As anticipated arabica coffee prices fell in response to greater than expected increase in GCA stocks, although this was briefly offset by an appreciation in the value of a number of Latin American currencies. Indeed, arabica coffee prices traded lower throughout the rest of the week, closing on Friday 3.25 cents/lb lower than at the start of the week. The robusta market fared a little better possibly reflecting the apparent switch to lower grade coffees as well as a forecast from VICOFA that production next year will be around 20% lower. As a result, robusta coffee prices gained $28/ton (1.25 cents/lb) over the week. In the absence of local market distortions, roadside parchment coffee prices in Papua New Guinea over the week to come will probably be roughly 25 to 30 toea/kg lower than they were last week.
There have been a number of USDA attaché reports released this week with increases in production being forecast for Colombia, Honduras, India, Mexico, Tanzania and Uganda while production in El Salvador, Guatemala, Indonesia, Peru and Venezuela is expected to shrink. However, it is still too early to reach any general conclusions from these reports. In their latest report, Rabobank has forecast a global supply surplus of 7.6 million bags for the 2020/21 crop year. If this forecast remains unchanged, this would be the third consecutive crop year to end with a surplus, according to their data. The report estimates that global production for the period should be 174.6 million bags while demand will be 167.00 million bags. The report highlights the unexpected increase in unemployment which they believe will lower global coffee demand by 0.8% in 2020, to 164.1 million bags. However, they also say that it is too early to make demand estimates with any degree of confidence. Brazil’s 2020/21 coffee crop is estimated at 67.4 million bags, which would make it the highest crop on record, surpassing the previous record achieved during the last on-year season in 2018/19 by 5 million bags. The Specialty Coffee Association (SCA) issued a report this week that attempted to explore the impact that COVID-19 has had on the specialty coffee sector in the US. Rather predictably the report found that coffee shops are increasingly turning to delivery and pickup to keep customers and ensure the sustainability of their operations. However, the report rather disappointingly makes no real attempt to assess the impact on overall demand. Nevertheless, the report demonstrates the adaptability of the sector in this new environment.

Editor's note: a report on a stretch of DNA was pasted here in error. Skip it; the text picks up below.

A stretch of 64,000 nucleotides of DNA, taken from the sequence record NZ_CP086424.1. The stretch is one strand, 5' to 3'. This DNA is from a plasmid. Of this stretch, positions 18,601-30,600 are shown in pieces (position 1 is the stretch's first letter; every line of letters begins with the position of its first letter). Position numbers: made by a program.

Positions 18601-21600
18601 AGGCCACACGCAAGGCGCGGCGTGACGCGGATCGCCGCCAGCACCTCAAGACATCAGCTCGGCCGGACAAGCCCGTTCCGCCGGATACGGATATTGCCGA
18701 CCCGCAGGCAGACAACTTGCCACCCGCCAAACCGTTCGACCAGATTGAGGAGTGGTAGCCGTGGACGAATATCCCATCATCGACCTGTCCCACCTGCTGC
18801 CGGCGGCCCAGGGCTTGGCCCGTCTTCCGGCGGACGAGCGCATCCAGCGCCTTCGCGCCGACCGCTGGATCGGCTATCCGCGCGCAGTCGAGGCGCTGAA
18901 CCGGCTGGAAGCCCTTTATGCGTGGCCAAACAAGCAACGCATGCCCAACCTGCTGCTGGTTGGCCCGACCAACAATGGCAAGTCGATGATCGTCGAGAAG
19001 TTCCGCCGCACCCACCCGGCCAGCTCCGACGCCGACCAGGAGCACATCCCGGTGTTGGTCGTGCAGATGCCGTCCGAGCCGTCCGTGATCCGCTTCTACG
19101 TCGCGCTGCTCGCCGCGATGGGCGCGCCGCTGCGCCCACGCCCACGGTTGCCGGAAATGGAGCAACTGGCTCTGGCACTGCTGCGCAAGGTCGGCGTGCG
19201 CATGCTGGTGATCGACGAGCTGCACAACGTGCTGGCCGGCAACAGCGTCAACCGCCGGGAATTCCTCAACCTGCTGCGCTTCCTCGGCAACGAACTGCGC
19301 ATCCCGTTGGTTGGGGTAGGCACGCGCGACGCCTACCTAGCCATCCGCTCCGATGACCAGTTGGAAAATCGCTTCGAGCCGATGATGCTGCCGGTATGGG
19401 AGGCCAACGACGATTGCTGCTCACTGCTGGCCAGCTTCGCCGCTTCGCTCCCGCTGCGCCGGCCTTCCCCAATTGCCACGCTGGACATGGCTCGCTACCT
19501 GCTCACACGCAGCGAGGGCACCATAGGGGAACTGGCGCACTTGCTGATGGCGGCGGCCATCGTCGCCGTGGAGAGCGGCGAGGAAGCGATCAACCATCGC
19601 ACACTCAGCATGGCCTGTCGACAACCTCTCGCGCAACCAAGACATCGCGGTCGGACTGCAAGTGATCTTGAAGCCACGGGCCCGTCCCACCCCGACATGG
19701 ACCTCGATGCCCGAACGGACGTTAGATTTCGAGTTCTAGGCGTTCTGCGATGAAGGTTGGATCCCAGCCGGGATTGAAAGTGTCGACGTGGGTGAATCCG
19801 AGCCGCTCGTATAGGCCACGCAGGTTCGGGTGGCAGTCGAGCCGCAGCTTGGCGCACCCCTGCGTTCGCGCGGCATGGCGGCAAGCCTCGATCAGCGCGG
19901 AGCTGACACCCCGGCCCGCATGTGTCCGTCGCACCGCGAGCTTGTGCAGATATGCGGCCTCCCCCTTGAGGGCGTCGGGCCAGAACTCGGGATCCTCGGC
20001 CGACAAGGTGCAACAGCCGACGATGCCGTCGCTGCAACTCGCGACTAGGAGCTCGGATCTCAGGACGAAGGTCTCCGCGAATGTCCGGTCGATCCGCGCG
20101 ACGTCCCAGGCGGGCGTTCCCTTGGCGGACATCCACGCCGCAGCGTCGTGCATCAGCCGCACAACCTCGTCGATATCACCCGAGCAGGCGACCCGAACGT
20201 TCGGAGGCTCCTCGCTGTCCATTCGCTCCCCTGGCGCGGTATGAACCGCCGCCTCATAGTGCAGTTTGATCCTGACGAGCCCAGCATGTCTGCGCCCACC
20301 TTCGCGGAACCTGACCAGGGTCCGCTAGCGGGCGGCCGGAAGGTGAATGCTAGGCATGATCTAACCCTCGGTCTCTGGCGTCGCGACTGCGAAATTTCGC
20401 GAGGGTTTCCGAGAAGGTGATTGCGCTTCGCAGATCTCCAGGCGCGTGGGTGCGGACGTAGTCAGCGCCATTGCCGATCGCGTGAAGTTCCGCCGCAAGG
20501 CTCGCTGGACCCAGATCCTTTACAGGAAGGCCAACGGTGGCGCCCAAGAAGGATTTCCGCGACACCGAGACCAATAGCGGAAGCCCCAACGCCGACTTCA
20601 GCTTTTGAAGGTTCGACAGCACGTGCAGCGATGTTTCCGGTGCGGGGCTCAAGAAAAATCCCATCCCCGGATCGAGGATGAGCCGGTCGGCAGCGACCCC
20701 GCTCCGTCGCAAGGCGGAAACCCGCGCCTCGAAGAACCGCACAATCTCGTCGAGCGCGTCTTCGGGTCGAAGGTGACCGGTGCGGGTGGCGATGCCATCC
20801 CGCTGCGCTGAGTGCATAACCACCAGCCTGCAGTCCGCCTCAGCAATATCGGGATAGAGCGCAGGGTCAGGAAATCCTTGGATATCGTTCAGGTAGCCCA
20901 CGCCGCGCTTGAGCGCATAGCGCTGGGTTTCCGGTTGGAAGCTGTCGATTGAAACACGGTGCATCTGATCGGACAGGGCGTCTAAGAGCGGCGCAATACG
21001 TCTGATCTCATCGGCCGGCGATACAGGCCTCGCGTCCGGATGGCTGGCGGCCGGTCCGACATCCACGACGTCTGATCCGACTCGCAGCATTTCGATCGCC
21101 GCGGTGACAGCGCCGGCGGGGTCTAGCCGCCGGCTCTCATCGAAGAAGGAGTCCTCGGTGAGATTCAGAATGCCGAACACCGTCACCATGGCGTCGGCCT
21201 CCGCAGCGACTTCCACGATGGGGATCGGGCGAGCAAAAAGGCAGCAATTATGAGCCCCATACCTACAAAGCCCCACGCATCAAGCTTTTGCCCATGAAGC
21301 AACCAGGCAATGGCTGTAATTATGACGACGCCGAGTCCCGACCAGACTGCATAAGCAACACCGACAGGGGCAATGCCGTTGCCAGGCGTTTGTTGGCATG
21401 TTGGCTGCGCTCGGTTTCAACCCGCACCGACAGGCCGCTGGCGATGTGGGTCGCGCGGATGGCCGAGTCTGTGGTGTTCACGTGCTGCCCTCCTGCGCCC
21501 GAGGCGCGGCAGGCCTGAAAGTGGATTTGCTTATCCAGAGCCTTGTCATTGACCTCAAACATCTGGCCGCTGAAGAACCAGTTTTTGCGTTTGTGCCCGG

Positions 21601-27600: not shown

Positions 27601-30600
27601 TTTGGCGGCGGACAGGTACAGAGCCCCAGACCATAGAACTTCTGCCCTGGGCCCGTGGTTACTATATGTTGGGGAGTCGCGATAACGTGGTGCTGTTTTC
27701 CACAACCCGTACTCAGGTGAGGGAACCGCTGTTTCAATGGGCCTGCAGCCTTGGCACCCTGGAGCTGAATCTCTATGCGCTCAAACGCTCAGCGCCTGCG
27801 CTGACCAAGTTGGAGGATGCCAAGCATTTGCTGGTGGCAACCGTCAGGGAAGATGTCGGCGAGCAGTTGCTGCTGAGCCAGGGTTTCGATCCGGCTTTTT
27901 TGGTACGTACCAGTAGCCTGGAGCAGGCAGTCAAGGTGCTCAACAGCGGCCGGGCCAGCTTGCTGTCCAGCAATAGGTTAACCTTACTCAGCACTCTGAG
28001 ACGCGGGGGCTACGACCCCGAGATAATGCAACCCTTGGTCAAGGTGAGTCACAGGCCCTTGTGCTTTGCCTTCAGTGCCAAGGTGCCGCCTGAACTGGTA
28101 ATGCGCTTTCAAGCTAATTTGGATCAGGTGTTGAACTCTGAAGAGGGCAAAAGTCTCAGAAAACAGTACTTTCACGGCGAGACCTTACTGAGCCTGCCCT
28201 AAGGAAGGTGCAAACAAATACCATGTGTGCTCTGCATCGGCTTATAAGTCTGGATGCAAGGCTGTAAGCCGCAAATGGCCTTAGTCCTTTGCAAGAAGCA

Once again there have not been any formal reports from Traders this week, but other sources of data (which are not as reliable) suggest that physical price differentials continue to be under pressure. Brazilian 3 /4’s appear to be slightly lower at around minus 4; Honduras HG’s are steady at plus 30/32; Kenya AB FAQ’s are lower at plus 80/100; but Colombian UGQ’s are also lowers at plus 51; while PNG Y1’s also appear to be slightly lower at around plus 22. If an exporter had fixed a price on Friday for August/September delivery, he should have secured a price somewhere between 126.05 and 128.70 cents/lb.
Although both markets will be closed on Monday, prices will probably continue to be under pressure throughout the rest of the week. The US dollar appears to be strong and any further upward movement will inevitably put pressure on prices. However , there is still some uncertainty about the impact of the pandemic on production, with evidence suggesting that output is set to fall in Colombia although so far there has not been any real assessment on its impact on Brazil’s upcoming harvest. Consequently, any movement is likely to be muted. maw